Records relating to criminals are a bit few and far between in Dundee City Archives. In terms of court records, the NRS also holds the records of the Court of Session, Sherriff Court and High Court. We do hold the records of the Police Court but these only start in the 1920s. Dundee Prison records don’t really survive and are stored with Perth Prison records at the National Records of Scotland. When it comes to the old jail in the Town House, records are even scarcer. However there is one volume which has survived which gives us some insight to the old jail.
The Town Clerks correspondence file of 1825 contains all sorts of things relating to the Town Clerk’s work. One of the many responsibilities of the council at this time was maintaining a jail. This was housed in the Adam Town House on the High Street (where the entrance to City Square is now). There are a few months worth of weekly lists of inmates. Although their crimes are not recorded, they are split into three lists – Debtors, Accused and Convicts. On average there are about 7 debtors, 8 accused and 14 convicts. On average about a third of the accused and convicted prisoners are women. However there are more papers in this volume relating to criminals.
There are papers relating to transportation. This was the process of sending convicts to the far off colonies, at first this was America from 1717 (a lot of Jacobites were sent there after 1746). But after the Revolution in 1776 and subsequent independence of America, a new colony had to be found. It just so happened that 6 years earlier Captain Cook had claimed New South Wales for Great Britain. So from the 1780s Australia and Van Diemen’s Land (Tasmania) became the destination for criminals. The crimes committed were often petty – theft, burglary, deception or fraud, assault, or even political agitation. You can view a list of some of the crimes on this website.
The paper that drew my attention was the one described as a “Receipt by Thomas Gray, owner of the vessel Perth, for a female convict to be conveyed to Woolwich”. This intrigued me. Taking a look at the document, I found out that her name was Margaret McDonald. Thomas Gray was signing to acknowledge that he would deliver Margaret to the ship Midas at Woolwich, he would then get a receipt from the master of that ship and return to Dundee with it anad pass it over to the jailer. At the end of the letter is a brief physical description of Margaret, she was 4 ft 8 inches tall, with a round visage (face) and was born in Logie Pert, near Montrose.
So what did Margaret do? As explained above, we don’t have much in the way of court records. So its time to head over to the National Records of Scotland’s online catalogue. Rather handily they have listed all of the High Court case records and they are searchable by name. A quick search for Margaret McDonald in 1825 returns a Precognition (AD14/25/75). The catalogue gives a lot of information – its tells us that Margaret was charged with uttering [or passing] forged banknotes in a shop in Scouringburn in the suburbs of Dundee. (For those who don’t know the Scouringburn is the old name for what is now Brook Street in Dundee – very much not the suburbs today!). The victims were Elizabeth Finlay, grocer and Agnes Stewart Moncur, wife of a carter.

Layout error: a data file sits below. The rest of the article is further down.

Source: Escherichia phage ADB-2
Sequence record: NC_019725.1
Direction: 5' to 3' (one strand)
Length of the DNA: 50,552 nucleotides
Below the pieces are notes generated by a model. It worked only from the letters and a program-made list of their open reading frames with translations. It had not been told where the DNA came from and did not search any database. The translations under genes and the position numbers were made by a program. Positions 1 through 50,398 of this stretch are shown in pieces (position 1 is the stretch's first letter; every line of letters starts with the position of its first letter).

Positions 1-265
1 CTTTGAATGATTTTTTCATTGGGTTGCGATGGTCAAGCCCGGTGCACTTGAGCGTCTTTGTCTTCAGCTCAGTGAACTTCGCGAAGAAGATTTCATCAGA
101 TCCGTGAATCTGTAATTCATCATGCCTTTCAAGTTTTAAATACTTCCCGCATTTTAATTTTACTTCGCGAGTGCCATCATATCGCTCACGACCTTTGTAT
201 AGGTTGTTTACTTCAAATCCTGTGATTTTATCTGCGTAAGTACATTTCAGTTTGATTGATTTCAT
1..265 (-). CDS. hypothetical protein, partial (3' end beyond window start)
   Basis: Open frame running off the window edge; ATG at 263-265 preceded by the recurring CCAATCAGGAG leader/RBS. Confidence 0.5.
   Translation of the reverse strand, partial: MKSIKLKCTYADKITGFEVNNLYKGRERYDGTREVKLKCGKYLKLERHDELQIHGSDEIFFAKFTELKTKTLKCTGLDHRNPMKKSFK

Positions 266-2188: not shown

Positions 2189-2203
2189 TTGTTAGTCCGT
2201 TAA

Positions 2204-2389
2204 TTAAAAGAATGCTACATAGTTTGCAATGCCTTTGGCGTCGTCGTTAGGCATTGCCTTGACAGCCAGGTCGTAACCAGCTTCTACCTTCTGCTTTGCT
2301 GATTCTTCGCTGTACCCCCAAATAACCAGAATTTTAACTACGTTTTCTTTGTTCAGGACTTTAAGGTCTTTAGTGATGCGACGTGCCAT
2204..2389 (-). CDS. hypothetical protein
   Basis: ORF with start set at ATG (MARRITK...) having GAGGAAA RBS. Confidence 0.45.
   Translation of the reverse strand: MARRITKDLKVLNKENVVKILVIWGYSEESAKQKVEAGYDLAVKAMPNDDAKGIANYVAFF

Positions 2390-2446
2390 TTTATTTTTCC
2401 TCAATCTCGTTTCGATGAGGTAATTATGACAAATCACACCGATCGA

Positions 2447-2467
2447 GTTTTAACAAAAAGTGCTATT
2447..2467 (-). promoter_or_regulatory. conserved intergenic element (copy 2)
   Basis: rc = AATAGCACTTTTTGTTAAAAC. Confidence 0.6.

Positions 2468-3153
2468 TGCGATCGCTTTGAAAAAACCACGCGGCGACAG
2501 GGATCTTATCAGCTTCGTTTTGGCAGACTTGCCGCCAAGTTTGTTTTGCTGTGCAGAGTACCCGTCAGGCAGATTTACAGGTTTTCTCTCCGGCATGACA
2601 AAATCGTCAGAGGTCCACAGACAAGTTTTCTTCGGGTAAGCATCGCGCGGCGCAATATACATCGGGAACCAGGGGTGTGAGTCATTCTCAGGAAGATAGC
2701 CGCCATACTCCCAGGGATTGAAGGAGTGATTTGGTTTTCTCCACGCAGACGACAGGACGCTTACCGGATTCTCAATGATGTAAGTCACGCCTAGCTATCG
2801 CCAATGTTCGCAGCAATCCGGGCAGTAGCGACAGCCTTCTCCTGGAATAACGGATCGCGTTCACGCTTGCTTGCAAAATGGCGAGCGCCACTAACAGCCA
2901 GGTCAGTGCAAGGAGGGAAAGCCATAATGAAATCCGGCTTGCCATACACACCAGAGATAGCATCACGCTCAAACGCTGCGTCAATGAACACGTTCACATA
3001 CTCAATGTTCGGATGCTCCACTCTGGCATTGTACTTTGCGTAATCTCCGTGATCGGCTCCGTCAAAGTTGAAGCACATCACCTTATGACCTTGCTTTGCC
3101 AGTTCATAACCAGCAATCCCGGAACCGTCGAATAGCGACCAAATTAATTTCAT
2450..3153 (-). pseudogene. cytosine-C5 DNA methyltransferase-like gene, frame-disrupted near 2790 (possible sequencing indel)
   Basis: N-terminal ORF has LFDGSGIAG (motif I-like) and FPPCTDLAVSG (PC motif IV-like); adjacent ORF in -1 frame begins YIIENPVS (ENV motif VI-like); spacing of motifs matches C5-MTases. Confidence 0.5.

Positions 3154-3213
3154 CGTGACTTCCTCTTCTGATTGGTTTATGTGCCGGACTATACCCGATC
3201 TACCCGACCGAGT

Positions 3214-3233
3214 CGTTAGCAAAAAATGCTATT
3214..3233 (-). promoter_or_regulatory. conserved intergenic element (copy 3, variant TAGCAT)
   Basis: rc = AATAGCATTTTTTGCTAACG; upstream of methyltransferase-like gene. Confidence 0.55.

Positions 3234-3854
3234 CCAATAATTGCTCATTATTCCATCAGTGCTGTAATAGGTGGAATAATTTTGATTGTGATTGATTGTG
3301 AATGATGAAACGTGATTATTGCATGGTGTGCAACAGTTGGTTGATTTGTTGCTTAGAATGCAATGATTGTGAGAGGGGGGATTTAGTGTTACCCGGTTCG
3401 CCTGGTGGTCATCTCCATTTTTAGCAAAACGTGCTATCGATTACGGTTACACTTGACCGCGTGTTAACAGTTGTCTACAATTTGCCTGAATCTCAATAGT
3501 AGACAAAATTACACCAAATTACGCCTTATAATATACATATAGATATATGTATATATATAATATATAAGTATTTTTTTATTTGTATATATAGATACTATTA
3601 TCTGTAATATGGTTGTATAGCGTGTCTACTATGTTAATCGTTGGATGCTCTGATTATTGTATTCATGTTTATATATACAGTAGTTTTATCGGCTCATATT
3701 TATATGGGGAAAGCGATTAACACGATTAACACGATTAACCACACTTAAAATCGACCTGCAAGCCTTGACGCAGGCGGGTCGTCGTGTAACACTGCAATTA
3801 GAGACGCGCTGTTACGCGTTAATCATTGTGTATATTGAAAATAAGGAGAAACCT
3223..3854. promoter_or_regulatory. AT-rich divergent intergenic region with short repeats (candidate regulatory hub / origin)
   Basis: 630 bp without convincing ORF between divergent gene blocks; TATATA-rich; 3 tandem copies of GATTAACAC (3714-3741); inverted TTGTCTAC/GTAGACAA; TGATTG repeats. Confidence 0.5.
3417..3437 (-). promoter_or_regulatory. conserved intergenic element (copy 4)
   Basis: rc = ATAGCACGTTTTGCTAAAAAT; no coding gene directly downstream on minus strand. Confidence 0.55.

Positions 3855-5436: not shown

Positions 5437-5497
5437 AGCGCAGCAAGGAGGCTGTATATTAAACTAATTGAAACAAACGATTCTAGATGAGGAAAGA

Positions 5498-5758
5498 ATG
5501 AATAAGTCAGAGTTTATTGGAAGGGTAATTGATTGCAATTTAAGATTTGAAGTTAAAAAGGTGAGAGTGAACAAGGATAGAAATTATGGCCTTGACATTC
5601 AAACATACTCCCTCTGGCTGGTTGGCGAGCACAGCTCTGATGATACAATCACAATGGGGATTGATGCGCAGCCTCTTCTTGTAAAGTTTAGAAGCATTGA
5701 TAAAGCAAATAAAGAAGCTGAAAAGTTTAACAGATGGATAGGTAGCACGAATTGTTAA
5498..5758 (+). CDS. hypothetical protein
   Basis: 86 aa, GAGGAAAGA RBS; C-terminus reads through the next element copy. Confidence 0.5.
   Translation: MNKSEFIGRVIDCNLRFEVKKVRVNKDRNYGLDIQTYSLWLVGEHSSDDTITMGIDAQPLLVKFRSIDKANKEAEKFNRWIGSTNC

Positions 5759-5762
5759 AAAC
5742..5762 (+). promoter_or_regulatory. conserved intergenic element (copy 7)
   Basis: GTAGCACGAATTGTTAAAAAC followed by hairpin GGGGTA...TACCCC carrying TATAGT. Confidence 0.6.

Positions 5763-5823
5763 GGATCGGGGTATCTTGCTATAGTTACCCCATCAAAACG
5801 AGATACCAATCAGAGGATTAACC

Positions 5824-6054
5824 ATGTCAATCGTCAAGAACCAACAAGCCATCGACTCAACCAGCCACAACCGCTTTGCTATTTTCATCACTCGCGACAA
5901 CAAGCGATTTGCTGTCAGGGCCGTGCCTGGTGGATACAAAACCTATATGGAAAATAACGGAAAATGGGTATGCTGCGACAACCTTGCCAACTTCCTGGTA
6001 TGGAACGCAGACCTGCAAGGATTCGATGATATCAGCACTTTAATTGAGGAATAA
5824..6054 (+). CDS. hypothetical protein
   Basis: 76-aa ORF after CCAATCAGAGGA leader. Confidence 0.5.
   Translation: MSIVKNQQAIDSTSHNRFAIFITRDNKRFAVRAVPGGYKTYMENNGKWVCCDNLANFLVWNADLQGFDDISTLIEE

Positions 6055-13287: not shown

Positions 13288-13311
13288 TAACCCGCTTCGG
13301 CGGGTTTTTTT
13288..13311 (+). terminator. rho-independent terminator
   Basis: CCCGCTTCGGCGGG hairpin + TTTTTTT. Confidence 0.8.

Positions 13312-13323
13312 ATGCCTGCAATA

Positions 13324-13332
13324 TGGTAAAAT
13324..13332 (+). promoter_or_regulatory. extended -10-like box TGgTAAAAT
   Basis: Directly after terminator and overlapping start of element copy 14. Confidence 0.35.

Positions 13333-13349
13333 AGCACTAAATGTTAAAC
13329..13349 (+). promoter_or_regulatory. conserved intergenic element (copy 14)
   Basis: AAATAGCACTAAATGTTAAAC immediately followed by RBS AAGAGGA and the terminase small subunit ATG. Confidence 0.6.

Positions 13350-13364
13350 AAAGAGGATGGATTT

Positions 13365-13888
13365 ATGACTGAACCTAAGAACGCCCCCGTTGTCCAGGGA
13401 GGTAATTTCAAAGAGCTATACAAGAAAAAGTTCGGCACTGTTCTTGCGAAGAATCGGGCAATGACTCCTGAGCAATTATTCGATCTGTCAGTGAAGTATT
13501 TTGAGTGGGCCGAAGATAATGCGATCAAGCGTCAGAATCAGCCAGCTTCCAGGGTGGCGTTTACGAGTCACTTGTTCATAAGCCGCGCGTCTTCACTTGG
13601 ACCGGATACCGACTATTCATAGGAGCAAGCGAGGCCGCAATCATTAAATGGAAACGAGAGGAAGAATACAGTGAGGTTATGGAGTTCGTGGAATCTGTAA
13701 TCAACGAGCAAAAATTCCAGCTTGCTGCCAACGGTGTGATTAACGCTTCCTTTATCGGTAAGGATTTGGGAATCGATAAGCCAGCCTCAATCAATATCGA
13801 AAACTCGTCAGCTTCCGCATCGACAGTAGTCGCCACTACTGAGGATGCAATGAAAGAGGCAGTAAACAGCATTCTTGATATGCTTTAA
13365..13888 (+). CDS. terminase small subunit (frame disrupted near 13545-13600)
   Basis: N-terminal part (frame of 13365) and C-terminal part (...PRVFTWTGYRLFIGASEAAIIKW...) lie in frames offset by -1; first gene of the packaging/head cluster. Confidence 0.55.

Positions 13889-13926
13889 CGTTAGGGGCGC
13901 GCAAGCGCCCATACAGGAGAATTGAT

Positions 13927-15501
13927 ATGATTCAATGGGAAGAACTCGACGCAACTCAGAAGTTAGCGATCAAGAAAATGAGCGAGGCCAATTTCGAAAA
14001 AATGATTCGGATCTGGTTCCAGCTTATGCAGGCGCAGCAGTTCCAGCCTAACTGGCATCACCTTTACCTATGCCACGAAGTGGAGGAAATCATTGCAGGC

From the catalogue entry for the court papers we see that Margaret was sentenced to 7 years transportation at the High Court in Perth. She was found ‘Guilty in terms of her own confession’. However the news report in the Fife Herald of the court proceedings paints a different story. It seems that Margaret was urged by her counsel to plead not guilty. As the paper puts it, she changed her plea “seemingly with much reluctance”. So this does beg the question, was Margaret just trying to get away with it, or was she really not guilty? Did she know the notes were forged? Or did she forge them herself?
So what happened to Margaret? She made it down to the Woolwich and was transferred to the Midas. They set sail on 22nd July 1825 and arrived in Tasmania on 23 November. Her transportee record gives some more clues about her. It states that she could read and write and she had one child, born in Dundee to Alexander Goodwin, to whom she was not married. I can find no further record of the child and it is not clear if they went with Margaret or stayed in Dundee. Female convicts were either allocated a position as a servant in the household a free person or were sent to a “factory” – something much like an English workhouse. There is a note on Margaret’s record that on February 11th 1830 she was “insolent to her mistress yesterday”, was confined to a cell on bread and water for 4 days and placed in a second class house of correction.
She she was freed on 23rd April 1832. More good news was just around the corner, on 25th September 1835 she was married to George Kent, from Lincolnshire. On 16th April 1836 she had a son, John Kent. The Kents lived in Launceston after George was freed on 31st December 1835. George’s transportation record from 1830 described him as a “very shifty and cunning fellow”. He is also noted as being 5ft 8 inches, making him a whole foot taller than Margaret.
In January 1837 George and Margaret were charged with stealing horsehair. George was ‘re-transported’ for 7 more years and Margaret was given a month sentence. George Kent died on 1st February 1866 in Launceston at the age of 59. Margaret died on 3rd February 1868 at the age of 80. Meaning that she was 37 when she was transported, 47 when she was married and 48 when her son John was born. Although unlikely, this is possible. However her death age could be a mistake (its quite common for ages at death to be wrong as the age would have been given by a nearest relative and she wouldn’t have had a birth certificate). I’ve tried looking for a baptism or birth in the church records for Logie Pert, on Scotlands People, with no success.